The pursuit of energy dense batteries to increase range may take a left turn, however, due to cost. You see, the batteries used by all the EV car manufacturers today use cobalt in the batteries (Tesla uses Li-NCA — most others use Li-NMC), and cobalt is costly. So Tesla is now considering a less energy dense LFP (lithium iron phosphate) battery manufactured by Contemporary Amperex Technology Company (CATC, Fujian Province, China) for their Chinese Tesla EVs that does not require cobalt. In addition, instead of the current module packaging strategy, the cells would be bundled tightly directly, which CATC claims will result in an energy-dense battery pack comparable to current module-based battery packs using cobalt. This will take the battle of the batteries to a whole new level.
Pantone, in it’s usual grandiose fashion, has decreed the new color of the year — classic blue — which looks just like a blue suitcase from the 1950s covered with a layer of dust.
For those rightly unexcited by this dull selection, you need not fear. Berkeley has created a blue just for you: Quantum Blue, a “pure, radiant blue like one might see at dusk” using nanoparticles where “phosphor absorb UV light and convert it to a different wavelength (or fluoresce)”. The creation of this color was done as an attempt to capture the beauty of the natural world. Please enjoy it in like kind.
In a different mode, we now know why we slip on ice when it seemed fine to walk on. While the simple answer — a thin layer of water — might seem intuitively obvious, measuring the properties of the water layer is not. By literally “tuning” into the minute frictional forces of ice and the water layer using something akin to an old-fashioned tuning fork, researchers at Sorbonne and Ecole polytechnique were able to demonstrate that 1) friction does create a thin layer of water on ice, 2) it’s very thin (less than 200 nm to one micron), and 3) the water is viscous, a state between ice and liquid water. It’s definitely cool.
When I worked with the University of California at Berkeley Physics Department, my alma mater, to enhance their fundraising efforts, I developed and field tested with them an instant video production system for alumni. The idea was to not just ask for money, but to ask for experiences, like what was their favorite experiment in 111 Laboratory. These experiences in video were then emailed to a server array which instantly provided correction (sound, video, format, etc) and encased the video into a custom designed template with music and background reflecting the Cal Physics environment. The completed video was then emailed to the Director for approval. All she had to do was say yes, no, or maybe something else. If she liked it, it was automatically posted to a website dedicated to Berkeley Physics. It was cool. I even wrote a paper on the results for the ACM.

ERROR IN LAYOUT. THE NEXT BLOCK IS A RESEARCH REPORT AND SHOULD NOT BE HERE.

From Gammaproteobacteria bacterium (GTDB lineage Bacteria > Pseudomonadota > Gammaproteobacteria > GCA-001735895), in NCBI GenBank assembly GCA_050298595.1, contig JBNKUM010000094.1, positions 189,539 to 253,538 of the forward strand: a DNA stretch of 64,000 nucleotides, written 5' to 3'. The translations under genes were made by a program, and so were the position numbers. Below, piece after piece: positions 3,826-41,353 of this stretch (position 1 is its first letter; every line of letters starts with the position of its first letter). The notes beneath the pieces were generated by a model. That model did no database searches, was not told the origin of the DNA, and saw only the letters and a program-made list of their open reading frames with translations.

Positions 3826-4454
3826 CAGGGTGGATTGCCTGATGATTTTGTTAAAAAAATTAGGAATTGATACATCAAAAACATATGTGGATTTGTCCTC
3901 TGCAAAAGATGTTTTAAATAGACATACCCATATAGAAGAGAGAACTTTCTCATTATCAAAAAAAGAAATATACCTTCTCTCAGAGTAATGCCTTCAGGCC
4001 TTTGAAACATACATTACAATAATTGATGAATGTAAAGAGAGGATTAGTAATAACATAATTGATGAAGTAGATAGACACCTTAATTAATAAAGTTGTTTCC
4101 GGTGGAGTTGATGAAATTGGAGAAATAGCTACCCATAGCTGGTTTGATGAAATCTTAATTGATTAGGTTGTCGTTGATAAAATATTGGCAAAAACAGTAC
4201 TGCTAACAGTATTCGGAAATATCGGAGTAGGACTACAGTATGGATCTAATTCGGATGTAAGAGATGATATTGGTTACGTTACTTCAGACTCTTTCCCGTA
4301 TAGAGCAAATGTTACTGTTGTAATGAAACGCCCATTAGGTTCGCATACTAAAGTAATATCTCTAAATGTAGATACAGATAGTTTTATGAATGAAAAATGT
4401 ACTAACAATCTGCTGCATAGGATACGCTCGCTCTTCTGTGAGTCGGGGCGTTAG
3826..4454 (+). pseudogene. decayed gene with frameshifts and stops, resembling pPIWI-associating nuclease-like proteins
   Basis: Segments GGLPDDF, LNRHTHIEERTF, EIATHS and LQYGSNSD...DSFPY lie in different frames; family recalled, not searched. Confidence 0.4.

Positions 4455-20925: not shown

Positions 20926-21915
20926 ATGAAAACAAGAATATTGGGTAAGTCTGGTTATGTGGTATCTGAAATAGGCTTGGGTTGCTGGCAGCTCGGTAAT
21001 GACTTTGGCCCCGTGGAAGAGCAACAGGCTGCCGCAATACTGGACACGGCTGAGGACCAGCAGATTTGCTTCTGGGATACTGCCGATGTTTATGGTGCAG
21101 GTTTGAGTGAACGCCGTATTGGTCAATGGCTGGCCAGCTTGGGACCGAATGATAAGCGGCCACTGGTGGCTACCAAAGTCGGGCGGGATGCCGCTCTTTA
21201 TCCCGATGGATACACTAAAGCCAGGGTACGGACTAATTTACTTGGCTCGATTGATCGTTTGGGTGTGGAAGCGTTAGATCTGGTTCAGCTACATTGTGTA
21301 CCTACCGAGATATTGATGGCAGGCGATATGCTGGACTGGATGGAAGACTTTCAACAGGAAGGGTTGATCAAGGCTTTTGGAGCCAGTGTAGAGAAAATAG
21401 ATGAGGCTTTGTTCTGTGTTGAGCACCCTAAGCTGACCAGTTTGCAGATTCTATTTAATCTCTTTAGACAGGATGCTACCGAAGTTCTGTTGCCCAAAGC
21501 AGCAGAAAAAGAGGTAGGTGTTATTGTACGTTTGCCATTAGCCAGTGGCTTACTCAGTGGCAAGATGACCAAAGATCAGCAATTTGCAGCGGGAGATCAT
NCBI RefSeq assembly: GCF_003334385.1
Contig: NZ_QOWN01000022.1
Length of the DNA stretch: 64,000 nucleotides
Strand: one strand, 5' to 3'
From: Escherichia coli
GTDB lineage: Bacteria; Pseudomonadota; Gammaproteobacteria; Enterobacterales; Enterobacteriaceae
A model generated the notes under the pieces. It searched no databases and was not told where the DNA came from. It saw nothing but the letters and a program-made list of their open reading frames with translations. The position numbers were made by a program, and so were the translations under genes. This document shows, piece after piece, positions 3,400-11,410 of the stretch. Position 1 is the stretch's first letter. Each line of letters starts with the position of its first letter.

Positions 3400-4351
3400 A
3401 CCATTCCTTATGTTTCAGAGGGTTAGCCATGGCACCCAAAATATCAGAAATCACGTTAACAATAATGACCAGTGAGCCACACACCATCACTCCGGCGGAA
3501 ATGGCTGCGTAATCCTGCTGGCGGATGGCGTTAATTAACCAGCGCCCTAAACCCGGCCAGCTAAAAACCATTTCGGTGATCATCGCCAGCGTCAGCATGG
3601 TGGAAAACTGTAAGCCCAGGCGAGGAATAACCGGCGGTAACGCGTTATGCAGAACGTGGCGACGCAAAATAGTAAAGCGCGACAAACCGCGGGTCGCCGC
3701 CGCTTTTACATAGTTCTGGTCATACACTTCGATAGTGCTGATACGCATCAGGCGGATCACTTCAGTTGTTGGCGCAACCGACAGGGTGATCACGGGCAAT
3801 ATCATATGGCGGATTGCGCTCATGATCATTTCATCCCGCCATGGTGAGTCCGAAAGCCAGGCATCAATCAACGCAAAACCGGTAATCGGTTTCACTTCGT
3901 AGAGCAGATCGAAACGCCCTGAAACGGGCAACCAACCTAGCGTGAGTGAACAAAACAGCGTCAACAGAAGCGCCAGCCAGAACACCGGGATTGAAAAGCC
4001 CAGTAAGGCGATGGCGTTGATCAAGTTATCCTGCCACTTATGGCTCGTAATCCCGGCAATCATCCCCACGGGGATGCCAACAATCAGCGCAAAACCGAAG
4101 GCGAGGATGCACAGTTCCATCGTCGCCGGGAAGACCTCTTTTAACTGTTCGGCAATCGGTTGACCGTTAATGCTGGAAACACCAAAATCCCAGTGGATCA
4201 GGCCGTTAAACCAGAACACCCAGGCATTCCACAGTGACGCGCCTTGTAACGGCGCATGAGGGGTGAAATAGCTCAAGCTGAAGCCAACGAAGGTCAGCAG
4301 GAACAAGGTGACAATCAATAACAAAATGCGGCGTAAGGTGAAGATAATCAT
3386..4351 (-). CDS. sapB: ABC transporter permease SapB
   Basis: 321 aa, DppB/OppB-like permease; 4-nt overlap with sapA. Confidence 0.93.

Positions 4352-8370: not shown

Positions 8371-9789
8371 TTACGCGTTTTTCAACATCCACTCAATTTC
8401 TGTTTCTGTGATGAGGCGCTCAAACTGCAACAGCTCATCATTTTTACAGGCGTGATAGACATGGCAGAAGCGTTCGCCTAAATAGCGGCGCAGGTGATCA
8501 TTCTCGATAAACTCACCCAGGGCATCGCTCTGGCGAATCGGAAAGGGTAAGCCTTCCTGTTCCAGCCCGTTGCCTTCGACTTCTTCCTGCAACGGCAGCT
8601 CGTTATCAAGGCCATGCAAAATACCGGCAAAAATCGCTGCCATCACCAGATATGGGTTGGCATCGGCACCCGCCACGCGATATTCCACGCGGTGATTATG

At the same time, the Haas Business School launched a business plan competition for Berkeley students, faculty and alumni. So I decided to enter it. This wasn’t my first BBQ, so to speak — I had gotten funding for InterProphet some years earlier, and that was a harder sell given how VCs gave up on hardware investments in the early 2000s and moved to Internet companies. But this *was* an Internet company — a fully developed video production system and mechanism where no one had to learn editing software to make a production-quality video.
Yes, folks said I was ahead of my time. Yes, investors quibbled over why was I doing this with software and not, say, with Chinese or Indian workers manually handling production — they had a massive obsession with using folks instead of using automation then. They questioned whether video would ever become popular on the Internet given latency issues (I was an expert on this BTW, since InterProphet was all about low-latency). This was before YouTube, so it was hard for old-style VCs to get their heads around video on the web.
But the most insulting response I received was not from VCs or angels, but from the Haas Business School at Berkeley. For a university known for progressive insight, the worst response to my business plan was not about TAM or competitive advantage or technology or experience — it was about how the anonymous reviewer would “NEVER” invest in a husband-wife company, as they had been burned once before. It was bigoted. It was unfair. It was vile. And he killed any prospects of working with Berkeley.
Needless to say, this was also offensive to the Berkeley physics Department as well. I was one of their alumni and they worked with me. It was a validated concept. But that Haas Business School reviewer poisoned the waters in the larger investment community, and the company I had labored to move from Zero to One was dead in the water. Silicon Valley is a small community — or at least was small back in 2004.
I’m pleased to see the times they are a-changin’. I hope my struggles paved the way for a new generation of young people to be considered for investment based on their ideas, creativity, perseverance, and character — instead of their gender or race or friendships or “comfort level” (a catch-all for “I don’t like you because your different”). Meritocracy is a lie when it demands you look exactly like the person who backs you. And the last thing we need right now is more lies.